Consumers with little hope of paying off debt are turning to bankruptcy as a solution.
Thirty percent more Americans filed for bankruptcy in the year through June compared with the previous 12 months. Filing for bankruptcy can hurt financially, but for some, it offers a much-needed path out of financial disaster. Before you decide whether to file for bankruptcy, here are a few points to consider.
A Little History
In 2005, Congress passed laws making it more difficult for consumers to file for bankruptcy under Chapter 7, which allows consumers to erase most of their debts. Prior to that, a judge decided Chapter 7 eligibility on a case-by-case basis. Ineligible consumers had to settle for a Chapter 13 bankruptcy, in which they are required to pay back a portion of their debts based on a payment plan.
The new laws introduced a standardized "means test" based on the median income of your state of residency. If your income is below the median income, you are eligible for Chapter 7. If your income is above the median, your eligibility depends on a complex calculation of disposable income. (Use this online calculator to get an idea of your eligibility.)
But while the new laws make the process of filing for bankruptcy more complicated and costly, they don't really change who qualifies, according to Henry Sommer, president of the National Association of Consumer Bankruptcy Attorneys, or NACBA. "Almost everybody who was eligible before 2005 is still eligible now," says Sommer. "The new laws really only affected 0.5% of the cases, but many people don't realize that."
Bankruptcy should remain a solution of last resort. Many consumers find themselves in dire straits because of budget- and credit-management problems. Bankruptcy may provide a fresh start, but without a change in borrowing and spending habits, you risk finding yourself back in the same situation facing the same problems.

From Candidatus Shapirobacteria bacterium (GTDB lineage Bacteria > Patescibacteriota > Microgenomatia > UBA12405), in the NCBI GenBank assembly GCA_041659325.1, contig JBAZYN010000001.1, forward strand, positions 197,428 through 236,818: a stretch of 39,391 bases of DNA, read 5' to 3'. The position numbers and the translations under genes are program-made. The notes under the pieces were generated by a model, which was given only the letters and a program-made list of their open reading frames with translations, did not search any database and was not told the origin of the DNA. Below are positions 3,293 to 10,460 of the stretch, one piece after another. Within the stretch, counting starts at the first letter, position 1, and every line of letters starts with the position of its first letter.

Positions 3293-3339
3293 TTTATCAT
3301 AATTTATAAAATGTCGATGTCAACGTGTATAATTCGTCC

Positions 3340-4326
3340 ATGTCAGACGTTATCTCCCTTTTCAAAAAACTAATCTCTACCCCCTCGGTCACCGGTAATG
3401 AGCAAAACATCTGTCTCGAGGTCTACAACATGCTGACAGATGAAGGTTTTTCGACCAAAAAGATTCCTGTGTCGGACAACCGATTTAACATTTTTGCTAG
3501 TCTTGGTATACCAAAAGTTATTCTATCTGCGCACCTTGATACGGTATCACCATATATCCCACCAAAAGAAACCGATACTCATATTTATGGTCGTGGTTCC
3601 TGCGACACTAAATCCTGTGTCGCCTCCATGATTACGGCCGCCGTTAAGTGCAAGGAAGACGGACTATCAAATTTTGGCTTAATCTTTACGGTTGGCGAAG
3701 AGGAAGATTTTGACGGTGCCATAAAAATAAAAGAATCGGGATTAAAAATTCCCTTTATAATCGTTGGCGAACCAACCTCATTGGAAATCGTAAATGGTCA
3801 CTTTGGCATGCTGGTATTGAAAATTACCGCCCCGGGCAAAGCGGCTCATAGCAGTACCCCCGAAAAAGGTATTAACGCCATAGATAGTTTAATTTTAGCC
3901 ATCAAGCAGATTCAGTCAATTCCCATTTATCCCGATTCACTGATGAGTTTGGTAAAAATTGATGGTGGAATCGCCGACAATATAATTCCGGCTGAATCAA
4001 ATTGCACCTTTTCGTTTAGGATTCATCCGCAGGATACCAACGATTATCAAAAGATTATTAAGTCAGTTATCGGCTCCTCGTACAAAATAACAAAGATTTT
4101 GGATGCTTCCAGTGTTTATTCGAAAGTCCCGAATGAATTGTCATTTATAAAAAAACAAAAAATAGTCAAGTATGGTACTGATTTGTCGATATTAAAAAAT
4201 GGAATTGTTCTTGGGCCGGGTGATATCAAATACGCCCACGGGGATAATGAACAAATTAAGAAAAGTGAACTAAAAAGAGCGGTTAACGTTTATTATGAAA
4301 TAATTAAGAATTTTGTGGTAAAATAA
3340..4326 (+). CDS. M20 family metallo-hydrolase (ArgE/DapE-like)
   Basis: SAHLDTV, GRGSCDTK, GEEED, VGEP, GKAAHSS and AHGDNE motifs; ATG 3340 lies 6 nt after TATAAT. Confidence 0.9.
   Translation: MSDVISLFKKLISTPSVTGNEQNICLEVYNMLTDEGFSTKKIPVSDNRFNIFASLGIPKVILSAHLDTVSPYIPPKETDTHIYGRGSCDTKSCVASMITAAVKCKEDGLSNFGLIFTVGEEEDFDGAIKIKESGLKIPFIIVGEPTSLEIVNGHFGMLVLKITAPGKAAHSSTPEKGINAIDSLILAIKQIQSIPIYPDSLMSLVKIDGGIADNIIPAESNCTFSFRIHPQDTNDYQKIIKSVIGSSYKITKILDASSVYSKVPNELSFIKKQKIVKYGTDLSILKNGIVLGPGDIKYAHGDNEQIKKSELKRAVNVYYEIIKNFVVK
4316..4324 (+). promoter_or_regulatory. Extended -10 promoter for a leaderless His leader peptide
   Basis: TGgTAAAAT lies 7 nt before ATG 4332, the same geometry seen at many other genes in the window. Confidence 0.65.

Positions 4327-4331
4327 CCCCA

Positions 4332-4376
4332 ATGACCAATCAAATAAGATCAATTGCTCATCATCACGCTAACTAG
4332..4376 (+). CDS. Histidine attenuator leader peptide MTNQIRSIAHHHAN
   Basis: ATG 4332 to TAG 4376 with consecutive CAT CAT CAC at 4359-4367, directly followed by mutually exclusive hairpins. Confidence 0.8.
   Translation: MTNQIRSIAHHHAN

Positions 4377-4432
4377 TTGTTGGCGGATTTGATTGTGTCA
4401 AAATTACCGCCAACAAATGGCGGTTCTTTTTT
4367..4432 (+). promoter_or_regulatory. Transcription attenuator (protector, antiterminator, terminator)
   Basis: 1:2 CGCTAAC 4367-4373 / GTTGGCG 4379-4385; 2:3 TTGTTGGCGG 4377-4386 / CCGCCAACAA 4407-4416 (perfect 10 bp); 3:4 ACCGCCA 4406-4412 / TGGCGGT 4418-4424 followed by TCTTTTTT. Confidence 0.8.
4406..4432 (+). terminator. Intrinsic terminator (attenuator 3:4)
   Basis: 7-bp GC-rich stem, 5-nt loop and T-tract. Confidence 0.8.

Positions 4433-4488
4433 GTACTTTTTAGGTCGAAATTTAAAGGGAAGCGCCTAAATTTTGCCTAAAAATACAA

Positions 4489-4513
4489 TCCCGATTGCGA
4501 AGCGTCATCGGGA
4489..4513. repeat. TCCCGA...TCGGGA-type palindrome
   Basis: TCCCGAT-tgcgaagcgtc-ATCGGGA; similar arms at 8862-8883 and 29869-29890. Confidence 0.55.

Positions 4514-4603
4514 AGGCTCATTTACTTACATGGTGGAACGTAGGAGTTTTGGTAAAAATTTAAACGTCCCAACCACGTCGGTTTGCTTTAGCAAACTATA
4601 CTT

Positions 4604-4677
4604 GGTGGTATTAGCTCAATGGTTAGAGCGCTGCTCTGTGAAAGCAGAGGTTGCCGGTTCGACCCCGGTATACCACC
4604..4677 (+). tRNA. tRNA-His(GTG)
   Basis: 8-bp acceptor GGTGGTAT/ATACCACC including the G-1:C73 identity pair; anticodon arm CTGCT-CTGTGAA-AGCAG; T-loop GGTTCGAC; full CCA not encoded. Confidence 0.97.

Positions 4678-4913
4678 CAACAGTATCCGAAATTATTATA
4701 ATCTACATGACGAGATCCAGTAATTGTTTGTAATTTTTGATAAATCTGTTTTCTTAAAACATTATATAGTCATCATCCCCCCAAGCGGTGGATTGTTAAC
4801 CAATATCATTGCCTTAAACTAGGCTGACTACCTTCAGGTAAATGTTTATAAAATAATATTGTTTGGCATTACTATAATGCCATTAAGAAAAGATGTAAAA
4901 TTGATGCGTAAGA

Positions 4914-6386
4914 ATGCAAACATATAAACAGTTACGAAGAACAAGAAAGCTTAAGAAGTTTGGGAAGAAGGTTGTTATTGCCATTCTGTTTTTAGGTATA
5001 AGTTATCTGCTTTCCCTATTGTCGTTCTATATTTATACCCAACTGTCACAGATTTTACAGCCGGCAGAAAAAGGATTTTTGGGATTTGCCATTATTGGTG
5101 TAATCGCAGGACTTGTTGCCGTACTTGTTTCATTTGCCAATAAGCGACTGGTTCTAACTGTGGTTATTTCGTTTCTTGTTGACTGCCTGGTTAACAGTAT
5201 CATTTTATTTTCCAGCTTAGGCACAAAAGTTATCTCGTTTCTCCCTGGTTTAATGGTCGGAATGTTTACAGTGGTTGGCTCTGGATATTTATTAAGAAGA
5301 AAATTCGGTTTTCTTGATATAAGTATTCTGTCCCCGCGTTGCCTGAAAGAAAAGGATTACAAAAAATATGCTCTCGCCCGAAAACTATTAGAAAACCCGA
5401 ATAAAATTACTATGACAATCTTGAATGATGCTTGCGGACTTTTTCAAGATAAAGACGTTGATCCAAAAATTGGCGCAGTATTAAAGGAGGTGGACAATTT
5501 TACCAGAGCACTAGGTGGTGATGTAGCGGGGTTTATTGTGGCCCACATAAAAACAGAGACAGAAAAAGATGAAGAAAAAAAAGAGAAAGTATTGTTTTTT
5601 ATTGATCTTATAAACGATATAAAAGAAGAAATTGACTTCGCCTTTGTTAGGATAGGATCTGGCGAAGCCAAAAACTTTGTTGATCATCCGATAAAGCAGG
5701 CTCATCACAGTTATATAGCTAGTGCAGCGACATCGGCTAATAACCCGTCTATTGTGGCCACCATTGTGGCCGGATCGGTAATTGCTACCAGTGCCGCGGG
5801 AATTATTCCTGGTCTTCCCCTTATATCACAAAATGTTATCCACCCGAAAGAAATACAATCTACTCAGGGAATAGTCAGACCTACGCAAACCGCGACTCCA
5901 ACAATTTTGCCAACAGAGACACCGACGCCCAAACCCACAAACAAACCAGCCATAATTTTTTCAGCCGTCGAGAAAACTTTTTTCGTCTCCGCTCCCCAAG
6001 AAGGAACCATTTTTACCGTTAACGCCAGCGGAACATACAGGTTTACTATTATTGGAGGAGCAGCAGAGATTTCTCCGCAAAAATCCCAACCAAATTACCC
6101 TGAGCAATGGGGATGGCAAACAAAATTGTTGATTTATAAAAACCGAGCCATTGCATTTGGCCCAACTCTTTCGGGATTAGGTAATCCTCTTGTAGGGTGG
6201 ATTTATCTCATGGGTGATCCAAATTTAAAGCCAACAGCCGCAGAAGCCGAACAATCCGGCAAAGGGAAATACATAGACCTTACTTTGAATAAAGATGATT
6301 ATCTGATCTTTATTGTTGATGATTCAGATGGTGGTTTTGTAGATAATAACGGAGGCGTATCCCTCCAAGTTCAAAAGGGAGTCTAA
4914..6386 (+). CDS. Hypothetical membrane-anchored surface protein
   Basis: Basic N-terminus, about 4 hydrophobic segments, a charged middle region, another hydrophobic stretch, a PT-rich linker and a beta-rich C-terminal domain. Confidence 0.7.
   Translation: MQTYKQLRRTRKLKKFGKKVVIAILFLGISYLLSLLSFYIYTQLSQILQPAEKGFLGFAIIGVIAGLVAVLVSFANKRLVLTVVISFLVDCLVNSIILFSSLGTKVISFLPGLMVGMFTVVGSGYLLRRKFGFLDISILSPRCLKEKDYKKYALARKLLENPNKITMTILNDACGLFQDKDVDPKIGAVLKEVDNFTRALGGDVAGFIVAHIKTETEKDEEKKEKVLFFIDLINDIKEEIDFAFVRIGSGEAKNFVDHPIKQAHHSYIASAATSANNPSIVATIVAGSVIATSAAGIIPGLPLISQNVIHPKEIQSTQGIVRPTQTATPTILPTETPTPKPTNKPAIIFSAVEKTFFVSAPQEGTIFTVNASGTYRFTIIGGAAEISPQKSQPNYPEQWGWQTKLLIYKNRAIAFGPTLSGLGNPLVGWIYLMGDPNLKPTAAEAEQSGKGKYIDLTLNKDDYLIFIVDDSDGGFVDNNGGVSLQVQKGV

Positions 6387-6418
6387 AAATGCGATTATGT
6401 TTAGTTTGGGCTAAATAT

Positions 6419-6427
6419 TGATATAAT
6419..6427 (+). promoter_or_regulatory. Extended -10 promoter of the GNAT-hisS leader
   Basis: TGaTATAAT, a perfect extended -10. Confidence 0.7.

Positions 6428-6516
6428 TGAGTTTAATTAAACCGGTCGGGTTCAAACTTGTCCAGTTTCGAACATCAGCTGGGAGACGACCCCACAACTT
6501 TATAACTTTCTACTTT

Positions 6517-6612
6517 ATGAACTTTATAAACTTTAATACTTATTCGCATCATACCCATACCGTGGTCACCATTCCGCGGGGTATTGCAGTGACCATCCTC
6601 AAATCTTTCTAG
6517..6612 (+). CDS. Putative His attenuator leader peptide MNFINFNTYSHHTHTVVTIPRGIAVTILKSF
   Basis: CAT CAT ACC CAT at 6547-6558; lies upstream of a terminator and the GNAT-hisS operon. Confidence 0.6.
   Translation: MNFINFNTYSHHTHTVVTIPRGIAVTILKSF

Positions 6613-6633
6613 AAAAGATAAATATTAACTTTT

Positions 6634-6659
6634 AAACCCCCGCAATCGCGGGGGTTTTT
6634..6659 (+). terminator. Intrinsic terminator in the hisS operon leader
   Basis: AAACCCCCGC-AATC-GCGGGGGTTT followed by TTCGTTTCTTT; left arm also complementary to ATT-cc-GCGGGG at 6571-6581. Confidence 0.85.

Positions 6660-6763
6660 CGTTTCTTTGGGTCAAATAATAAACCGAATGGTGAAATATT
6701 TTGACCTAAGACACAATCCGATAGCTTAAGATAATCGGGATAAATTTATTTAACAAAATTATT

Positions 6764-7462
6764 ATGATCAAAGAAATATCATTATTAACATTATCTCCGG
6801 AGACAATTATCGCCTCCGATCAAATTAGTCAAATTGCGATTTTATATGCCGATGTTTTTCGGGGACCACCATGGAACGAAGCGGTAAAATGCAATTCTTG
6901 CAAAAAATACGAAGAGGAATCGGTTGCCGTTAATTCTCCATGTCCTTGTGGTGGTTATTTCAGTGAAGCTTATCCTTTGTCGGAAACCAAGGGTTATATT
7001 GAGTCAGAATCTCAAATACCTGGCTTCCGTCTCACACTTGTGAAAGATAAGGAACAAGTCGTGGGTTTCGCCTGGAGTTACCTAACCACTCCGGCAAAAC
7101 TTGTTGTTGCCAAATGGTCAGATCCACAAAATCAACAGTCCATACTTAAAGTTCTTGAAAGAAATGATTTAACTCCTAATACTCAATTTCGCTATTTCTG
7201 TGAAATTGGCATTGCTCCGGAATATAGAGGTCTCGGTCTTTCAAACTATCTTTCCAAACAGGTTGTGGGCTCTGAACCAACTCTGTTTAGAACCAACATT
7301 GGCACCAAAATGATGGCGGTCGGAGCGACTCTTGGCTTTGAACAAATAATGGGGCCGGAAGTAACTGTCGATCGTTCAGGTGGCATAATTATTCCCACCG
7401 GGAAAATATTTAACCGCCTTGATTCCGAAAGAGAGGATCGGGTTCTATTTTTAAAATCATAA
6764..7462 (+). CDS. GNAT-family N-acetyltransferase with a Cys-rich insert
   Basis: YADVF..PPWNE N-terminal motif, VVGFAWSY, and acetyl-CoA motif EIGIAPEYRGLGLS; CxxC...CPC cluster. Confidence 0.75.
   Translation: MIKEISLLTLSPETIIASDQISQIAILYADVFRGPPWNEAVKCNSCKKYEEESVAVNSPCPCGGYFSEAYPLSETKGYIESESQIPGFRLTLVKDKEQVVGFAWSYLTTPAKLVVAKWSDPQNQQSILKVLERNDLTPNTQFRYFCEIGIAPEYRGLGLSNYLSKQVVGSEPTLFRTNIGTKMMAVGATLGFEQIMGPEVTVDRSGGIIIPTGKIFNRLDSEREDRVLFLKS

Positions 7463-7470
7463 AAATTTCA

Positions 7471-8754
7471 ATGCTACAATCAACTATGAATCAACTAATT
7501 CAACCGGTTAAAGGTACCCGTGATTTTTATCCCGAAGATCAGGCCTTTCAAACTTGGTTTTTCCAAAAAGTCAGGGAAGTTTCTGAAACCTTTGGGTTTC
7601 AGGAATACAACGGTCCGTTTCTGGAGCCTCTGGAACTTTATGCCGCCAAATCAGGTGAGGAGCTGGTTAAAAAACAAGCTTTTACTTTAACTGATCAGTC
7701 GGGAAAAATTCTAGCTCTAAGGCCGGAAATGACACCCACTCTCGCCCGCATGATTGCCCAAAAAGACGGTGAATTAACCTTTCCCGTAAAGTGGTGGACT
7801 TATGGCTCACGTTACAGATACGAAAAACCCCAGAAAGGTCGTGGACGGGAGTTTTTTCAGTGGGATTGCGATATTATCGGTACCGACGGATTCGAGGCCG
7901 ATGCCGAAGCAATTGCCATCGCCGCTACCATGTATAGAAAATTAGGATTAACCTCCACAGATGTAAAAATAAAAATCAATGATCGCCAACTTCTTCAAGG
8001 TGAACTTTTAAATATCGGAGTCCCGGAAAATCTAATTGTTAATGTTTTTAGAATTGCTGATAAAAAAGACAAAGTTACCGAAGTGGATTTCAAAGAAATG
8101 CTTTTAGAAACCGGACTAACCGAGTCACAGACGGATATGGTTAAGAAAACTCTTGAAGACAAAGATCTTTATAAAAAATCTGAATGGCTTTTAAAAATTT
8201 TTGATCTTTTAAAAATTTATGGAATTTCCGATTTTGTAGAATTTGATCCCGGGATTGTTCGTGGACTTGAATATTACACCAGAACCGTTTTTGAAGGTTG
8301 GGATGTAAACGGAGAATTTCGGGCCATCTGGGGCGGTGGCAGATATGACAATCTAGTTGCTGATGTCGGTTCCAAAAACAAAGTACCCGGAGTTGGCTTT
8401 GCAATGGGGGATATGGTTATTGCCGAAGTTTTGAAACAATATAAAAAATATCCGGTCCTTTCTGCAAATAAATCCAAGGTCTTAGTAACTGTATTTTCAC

Twice as many Americans filed for Chapter 7 bankruptcy as for Chapter 13 during the 12 months through June. Chapter 7 bankruptcy is popular because it wipes out consumer debt, with the exception of some types such as mortgages, alimony payments and certain taxes. During the process of Chapter 7 bankruptcy, all non-exempt property is sold and the proceeds go toward paying creditors. (What property is exempt in bankruptcy proceedings varies from state to state, but often includes some furniture and personal items.) The remaining balances of the forgivable debts are wiped clean and the consumer has a chance to start over.
Chapter 13 bankruptcy is also called reorganization bankruptcy since debts are organized into a three- to five-year payment plan arranged through bankruptcy courts. The payment plan provides greater flexibility for catch-up payments on a mortgage or car loan, and doesn't involve selling property to pay creditors. Nevertheless, the courts can require some selling of property unless you can prove you can afford the payment plan.
The Effect on Credit
A bankruptcy won't automatically have the devastating effect on your credit that many consumers fear. While a bankruptcy will remain on your report longer than other entries such as credit cards or car loans -- 10 years compared with the standard seven -- most consumers can still borrow money, just not at preferred rates. (NACBA's Sommer does mention, however, that stricter lending requirements caused by the ongoing credit crisis may put even less-preferred rates out of reach of consumers with bankruptcies on their credit histories.) And a credit score already battered by late payments and defaults in the lead-up to bankruptcy won't necessarily drop lower after bankruptcy.
Find a Bankruptcy Lawyer
Consider hiring a bankruptcy lawyer even before you think it's time to file. A good attorney will start by discussing your options, including those that don't involve filing for bankruptcy, and their potential outcomes. And if bankruptcy is your only choice, your attorney will file the relevant paperwork and help you pull together the required documentation. To find a bankruptcy attorney, ask for references from a lawyer you already know or check the NACBA Web site for a list of its members. Most attorneys offer a free preliminary consultation, after which fees can range from $1,500 to $2,500 for Chapter 7 and $2,000 to $4,000 for Chapter 13.